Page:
[tech question] Write shrunken file vs converting file to shrink it

Slightly offtopic but it’s a question in relation to publishing large amounts of exr files (or any file really).

I was thinking of doing the following:

  1. Copy a sequence of exr files received from client to a new location (Let’s say these are 3GB total, 70mb per exr)
  2. Compress the EXR files to DWAA-15, (let’s say this reduced the total space to 1GB, 12mb per exr)

I am now wondering if this creates heaps of fragmentation in the sectors (we use a Pixtor) on the raid.
As I copied the file it allocates 70mb for each exr, but when I run the compression it reduces the filesize to 12mb. That means the sectors that where just recently allocated to store the file from 13mb-70mb are now free (but ads fragmentation).

I wonder if it’s better to do this:

  1. Original sequence
  2. Load original exr, compress and save in new location

Does anyone have any knowledge of how this sort of stuff works in regards to raids and SAN’s (striped data)?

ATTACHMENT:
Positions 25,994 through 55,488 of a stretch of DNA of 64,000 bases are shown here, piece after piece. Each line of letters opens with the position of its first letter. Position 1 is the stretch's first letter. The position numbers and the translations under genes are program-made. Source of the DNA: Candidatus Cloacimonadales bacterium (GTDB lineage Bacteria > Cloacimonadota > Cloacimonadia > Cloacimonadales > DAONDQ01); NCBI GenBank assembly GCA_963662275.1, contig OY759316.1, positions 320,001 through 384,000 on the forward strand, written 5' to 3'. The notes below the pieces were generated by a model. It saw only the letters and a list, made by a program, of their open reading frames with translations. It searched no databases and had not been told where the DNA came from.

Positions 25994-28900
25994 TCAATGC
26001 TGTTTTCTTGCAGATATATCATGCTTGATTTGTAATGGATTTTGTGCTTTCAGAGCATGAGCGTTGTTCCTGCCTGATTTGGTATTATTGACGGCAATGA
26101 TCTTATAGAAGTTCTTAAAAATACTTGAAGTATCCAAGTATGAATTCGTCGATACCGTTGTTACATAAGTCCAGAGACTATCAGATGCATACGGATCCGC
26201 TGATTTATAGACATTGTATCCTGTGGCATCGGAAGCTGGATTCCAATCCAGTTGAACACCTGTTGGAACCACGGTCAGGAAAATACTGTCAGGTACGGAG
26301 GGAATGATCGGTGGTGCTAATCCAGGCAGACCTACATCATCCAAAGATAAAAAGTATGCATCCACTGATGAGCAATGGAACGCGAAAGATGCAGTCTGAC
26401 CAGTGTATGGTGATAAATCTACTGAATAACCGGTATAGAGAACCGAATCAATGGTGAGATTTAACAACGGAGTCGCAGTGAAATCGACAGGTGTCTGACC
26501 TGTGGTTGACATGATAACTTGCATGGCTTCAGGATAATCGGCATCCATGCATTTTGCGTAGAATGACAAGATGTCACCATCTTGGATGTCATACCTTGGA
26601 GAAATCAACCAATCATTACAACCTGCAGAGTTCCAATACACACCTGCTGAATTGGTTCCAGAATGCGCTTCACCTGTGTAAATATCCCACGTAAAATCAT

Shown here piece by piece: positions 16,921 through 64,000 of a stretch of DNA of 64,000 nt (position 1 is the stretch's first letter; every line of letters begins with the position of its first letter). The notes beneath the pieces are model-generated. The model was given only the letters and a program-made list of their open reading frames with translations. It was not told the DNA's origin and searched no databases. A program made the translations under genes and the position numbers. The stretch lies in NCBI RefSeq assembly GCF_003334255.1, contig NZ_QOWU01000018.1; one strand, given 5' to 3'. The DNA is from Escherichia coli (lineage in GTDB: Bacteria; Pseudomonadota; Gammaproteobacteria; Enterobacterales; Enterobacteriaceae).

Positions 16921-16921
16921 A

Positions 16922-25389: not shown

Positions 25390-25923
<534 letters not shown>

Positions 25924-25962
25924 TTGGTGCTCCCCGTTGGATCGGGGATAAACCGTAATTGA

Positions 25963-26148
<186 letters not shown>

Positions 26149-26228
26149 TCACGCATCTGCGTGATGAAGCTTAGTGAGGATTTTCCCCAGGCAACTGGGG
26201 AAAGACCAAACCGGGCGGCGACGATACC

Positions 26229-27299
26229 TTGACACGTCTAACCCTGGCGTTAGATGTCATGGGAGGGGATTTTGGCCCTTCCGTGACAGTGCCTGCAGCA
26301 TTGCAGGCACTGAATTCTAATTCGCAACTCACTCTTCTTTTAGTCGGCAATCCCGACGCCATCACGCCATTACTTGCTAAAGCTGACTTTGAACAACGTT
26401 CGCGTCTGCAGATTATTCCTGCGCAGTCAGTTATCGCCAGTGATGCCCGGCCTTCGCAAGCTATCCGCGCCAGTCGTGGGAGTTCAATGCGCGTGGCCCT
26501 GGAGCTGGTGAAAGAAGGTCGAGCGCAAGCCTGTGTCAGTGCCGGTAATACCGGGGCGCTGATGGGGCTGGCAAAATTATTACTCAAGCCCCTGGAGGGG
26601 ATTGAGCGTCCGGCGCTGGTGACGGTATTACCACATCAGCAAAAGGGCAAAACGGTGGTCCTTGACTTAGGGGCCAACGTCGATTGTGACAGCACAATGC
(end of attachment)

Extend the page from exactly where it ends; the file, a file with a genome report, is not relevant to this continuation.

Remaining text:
Hey @Ricardo_Musch,

I don’t know much about SAN’s and Raids striping effects, but just a quick question, are you overwriting the original .exr with the DWAA compressed version?
Just asking because it’s a lossy compression method and would go agains the non-destructive workflow, with my producer hat on I would say create the compressed .exr in a new location and treat it like a proxy until final render.

Hoping someone else has info about fragmentation :slight_smile:

1 Like


no and yes.
We keep the original source package we receive from the client, and we ingest that media (copy) it to the shot/asset to work from.
(So we keep original and also retranscode it to work from)

A lot of VFX studios have switched to a DWAA workflow.
If you set the compression to 15 the difference is so negligible that it can be ignored as rounding error. If it’s good enoiugh for Dreamworks and ILM it’s good enough for us :wink:

Believe me, with my Comp hat on, the change is very acceptable to me and we haven’t had issues with DI on various shows yet :slight_smile:

The nice thing about dwaa is that it’s not compression like h264 or any video compression.
Even the grain stays intact! :slight_smile: